Sep 17, 2007 02:56 AM #1
Rainmaker
37,433
Jason Schweiger
Network Funding LP - Auburn, WA
Loan Originator / Branch Manager NFLP
We are very active with lease-options and advising many clients to consider the lease-option. Some need to sell or need the money. Taking out a home-equity loan prior to leasing may be one option, if you need the cash. It is much better than making empty house payments and as long as you secure the property with a good tenant and usually if you receive enough cash down and do your research, you should be fine.
Sep 17, 2007 03:00 AM #2
Rainer
41,968
John Klassen
M & T Bank - Kingston, NY

The key is to make sure that the tenant credit qualified. This is not a good way for a seller to help someone get their credit in order. If they have good credit and need help saving $$$ for ther down payment this can be an excellent plan.

I am going to look up th elender guidelines and provide an additonal post to support this. Good points.

Sep 17, 2007 03:06 AM #3
Rainmaker
130,007
Jim Little
Ken Meade Realty - Sun City, AZ
Your Sun City Arizona Realtor
As I understand it, never having done these before, the agent doesn't get paid until escrow closes on the sale of the property. In my area, I have not heard of any of these actually completing to close. How do you deal with that?
Sep 17, 2007 03:21 AM #4
Rainer
136,625
Terry Lynch
LAR Notary and Closing Services - Saint Clair Shores, MI

Jason

We are seeing an increase in lease options on our MLS, mostly due to investors who can't sell.The problem here is we are seeing so much depreciation that buyers may not see the value when they exercise their options.

If I'm working as a buyers agent I would want to take the possible depreciation into the option and that usually doesn't work for an investor or homeowner already on the edge of bringing money to closing.

Sep 17, 2007 03:23 AM #5
Rainmaker
37,433
Jason Schweiger
Network Funding LP - Auburn, WA
Loan Originator / Branch Manager NFLP

Jim,

 When I help a client exercise a lease option, I usually negotiate a small payment at the signing of the lease for both agents for the work to be done. A good rule of thumb is half of the first months rent, then you still receive a commission if the deal closes in the future. For a home being leased for $1800 a month it only amounts to $900, but you are doing your client a favor plus you still have the commission to look forward to, if the deal closes later.

Sep 17, 2007 03:31 AM #6
Rainer
1,919
Brian Hirai
Brio Realty - Bothell, WA

Jason,

 Yes, this is a alternative option if a home is not selling.  I did the finanacing on a lease option last year and you may want to talk to me or a mortgage broker first and find out what the lender guidelines are before you start quoting how much rent will go towards down payment.  There are several factors involved, like the buyer's credit score, income and debt to income.  Plus every lender has their own set of guidelines on how much rent they are willing to allow for the down payment. This is food for thought.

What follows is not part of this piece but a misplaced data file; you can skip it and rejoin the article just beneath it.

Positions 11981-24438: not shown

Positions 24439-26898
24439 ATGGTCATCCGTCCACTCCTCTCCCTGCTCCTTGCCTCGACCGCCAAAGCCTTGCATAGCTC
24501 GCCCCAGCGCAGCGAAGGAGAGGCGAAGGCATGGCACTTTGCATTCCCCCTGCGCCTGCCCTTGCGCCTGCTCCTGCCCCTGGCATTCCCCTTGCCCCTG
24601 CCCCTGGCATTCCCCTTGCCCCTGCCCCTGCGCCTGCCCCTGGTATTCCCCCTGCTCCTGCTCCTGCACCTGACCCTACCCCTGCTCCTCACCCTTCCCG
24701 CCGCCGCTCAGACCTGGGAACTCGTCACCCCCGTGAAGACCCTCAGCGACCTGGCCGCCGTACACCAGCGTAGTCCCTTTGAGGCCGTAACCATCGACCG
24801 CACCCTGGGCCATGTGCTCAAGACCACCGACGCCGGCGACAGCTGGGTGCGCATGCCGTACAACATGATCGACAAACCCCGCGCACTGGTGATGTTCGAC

Brian Hirai

Brio Realty/MTG Finance

425-478-1954

Sep 17, 2007 04:14 AM #7
Rainmaker
37,433
Jason Schweiger
Network Funding LP - Auburn, WA
Loan Originator / Branch Manager NFLP

Brian,

 I agree with checking the lenders policy as well. However, they will vary and change between now and the purchase. I have closed several lease-options and have just included some general ideas and the amount towards the down is decided between the tenant and owner. Of course, the lender may change the amount when they try and purchase and yes, the tenant/buyer will need to qualify for the loan. Worst case is they don't qualify and the seller was able to lease the home and retain the option fee.

Sep 17, 2007 04:38 AM #8
Rainmaker
130,007
Jim Little
Ken Meade Realty - Sun City, AZ
Your Sun City Arizona Realtor
Jason, thanks for the reply. At least doing it this way gets gas money, instead of nothing. I appreciate the tip
Sep 17, 2007 07:09 AM #9
Anonymous
Danielle Blue, Brio Realty

HI Jason,

 This is a great blog, thanks for the useful info. I am currently looking for a lease purchase with a client and find this info most useful. I thought that lease-purchase does not bind you to buy but does give option without the nonrefundable? Is this correct?

   

Sep 24, 2007 08:07 AM #10
Rainmaker
37,433
Jason Schweiger
Network Funding LP - Auburn, WA
Loan Originator / Branch Manager NFLP

Danielle, The lease option gives you the option and the lease purchase is a lease with a purchase and sale agreement. On the option, the money is non-refundable and the purchase, the earnest money is forfeited if they walk away from the purchase agreement.

 Let me know if that helps. If not, you are welcome to call or email me and I will be glad to help.

253-315-5580 or visit my site and email me www.www.mynwagent.com or jason@mynwagent.com

Sep 24, 2007 01:17 PM #11
Show All Comments

What's the reason you're reporting this blog entry?

Are you sure you want to report this blog entry as spam?

Rainmaker
37,433

Jason Schweiger

Loan Originator / Branch Manager NFLP
Ask me a question
*
*
*
*

Additional Information